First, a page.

This is the second installment of a series of who’s who in the Vatican, a series that will very likely appear quite irregularly. In it, I take a look at the men – and women – in Rome, who work to guide and shepherd the Church all over the world.
When the pope is working, which is during most of his daytime hours, one man is there to make sure the Holy Father has all he needs to shepherd the Church through her day-to-day affairs, from correspondence to speeches, lectures and his reading glasses. He is Msgr. Georg Gänswein, the personal secretary of the pope.
He was born in 1956 in the village of Riedern am Wald, in the far south of Germany, not too far from the Swiss border. In 1984 he was ordained a priest and he became a Doctor in Canon Law in 1993. Three years later, Cardinal Ratzinger invited Msgr. Gänswein to become an official of the Congregation for Divine Worship and the Discipline of the Sacraments. Then things developed fast. In 2000 he became a Chaplain of His Holiness and in 2003 he replaced Bishop Josef Clemens as Cardinal Ratzinger’s secretary. A year after the cardinal became Pope Benedict XVI, Msgr. Gänswein was appointed as his personal secretary.
Georg Gänswein is rather popular in Rome, where he has earned the nicknames ‘Padre Georg’ and even ‘Bel Giorgio’ for his looks. Media reports of the pope’s first visits abroad usually never failed to notice the new man where the elderly Cardinal Stanislaw Dziwisz used to sit. The changes in apparel that became visible during the initial years of Benedict’s papacy have often been considered to be the influence of Msgr. Gänswein: Prada shoes (or rather what were assumed to be Prada), but also chasubles, mitres and other liturgical clothing. In how far Msgr. Gänswein is truly responsible for this renewed focus on traditional appearance (as opposed to, say, Msgr. Guido Marini) is up for debate, of course. The papal secretary is very much an assistant to the pope, not a man to pursue his own agenda. It is not his place to advocate change in whatever area. Pope Benedict XVI can do that very well himself.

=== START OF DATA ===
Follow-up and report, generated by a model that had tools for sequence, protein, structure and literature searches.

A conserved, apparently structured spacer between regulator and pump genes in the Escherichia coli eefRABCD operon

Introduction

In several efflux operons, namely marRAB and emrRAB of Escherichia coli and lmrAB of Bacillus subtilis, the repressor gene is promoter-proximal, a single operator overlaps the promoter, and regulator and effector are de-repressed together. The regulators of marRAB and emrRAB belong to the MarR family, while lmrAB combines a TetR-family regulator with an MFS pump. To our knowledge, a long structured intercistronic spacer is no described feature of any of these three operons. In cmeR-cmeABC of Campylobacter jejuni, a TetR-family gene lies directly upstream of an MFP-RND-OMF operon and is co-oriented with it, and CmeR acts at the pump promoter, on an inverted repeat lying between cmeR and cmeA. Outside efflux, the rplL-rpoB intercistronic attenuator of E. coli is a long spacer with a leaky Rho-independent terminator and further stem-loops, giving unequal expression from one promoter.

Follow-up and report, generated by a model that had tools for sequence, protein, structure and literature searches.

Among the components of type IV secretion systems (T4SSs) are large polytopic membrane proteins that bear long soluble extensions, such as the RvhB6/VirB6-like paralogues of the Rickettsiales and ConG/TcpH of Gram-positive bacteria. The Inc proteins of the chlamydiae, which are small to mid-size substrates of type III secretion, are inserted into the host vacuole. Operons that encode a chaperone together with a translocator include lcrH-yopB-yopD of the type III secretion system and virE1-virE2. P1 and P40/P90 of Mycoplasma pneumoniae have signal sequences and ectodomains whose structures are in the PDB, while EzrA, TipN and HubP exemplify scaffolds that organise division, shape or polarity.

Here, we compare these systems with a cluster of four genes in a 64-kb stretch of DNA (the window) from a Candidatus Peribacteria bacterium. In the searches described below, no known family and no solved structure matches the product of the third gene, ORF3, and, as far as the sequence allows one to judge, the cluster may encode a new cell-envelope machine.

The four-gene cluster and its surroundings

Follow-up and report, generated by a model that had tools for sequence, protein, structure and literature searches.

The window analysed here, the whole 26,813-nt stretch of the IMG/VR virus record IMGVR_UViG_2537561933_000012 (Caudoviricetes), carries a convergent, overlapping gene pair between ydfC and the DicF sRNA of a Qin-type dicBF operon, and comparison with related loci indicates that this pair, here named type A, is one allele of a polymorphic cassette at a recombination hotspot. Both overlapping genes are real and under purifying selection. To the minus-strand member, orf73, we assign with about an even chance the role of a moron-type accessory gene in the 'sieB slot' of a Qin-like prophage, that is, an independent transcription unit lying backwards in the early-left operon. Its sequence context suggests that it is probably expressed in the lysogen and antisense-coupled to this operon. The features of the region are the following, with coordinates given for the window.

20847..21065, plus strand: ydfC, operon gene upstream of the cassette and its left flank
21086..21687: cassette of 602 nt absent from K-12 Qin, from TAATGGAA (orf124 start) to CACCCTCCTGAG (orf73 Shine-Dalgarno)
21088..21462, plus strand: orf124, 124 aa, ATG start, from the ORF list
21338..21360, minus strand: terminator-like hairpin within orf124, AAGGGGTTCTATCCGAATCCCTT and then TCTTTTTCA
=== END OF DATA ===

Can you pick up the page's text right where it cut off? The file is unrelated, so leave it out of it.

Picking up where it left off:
During normal working days, the pope and his secretary usually have breakfast together and take an after-lunch stroll to the Vatican gardens. Msgr. Gänswein makes sure the pope gets to see the correspondence and other paperwork he needs to see or sign, and also schedules upcoming appointments and audiences.
Georg Gänswein is a man to be noticed, certainly because he is part of the small household staff of the pope. He is said to be a very intelligent and analytical thinker (something of a given when one works closely with this pope), but also a tennis player, skier and football player, and he even has his pilot’s license. Msgr. Gänswein is instrumental in the day-to-day affairs of the Catholic Church, certainly when it comes to the affairs of the visible head of that Church, Pope Benedict XVI.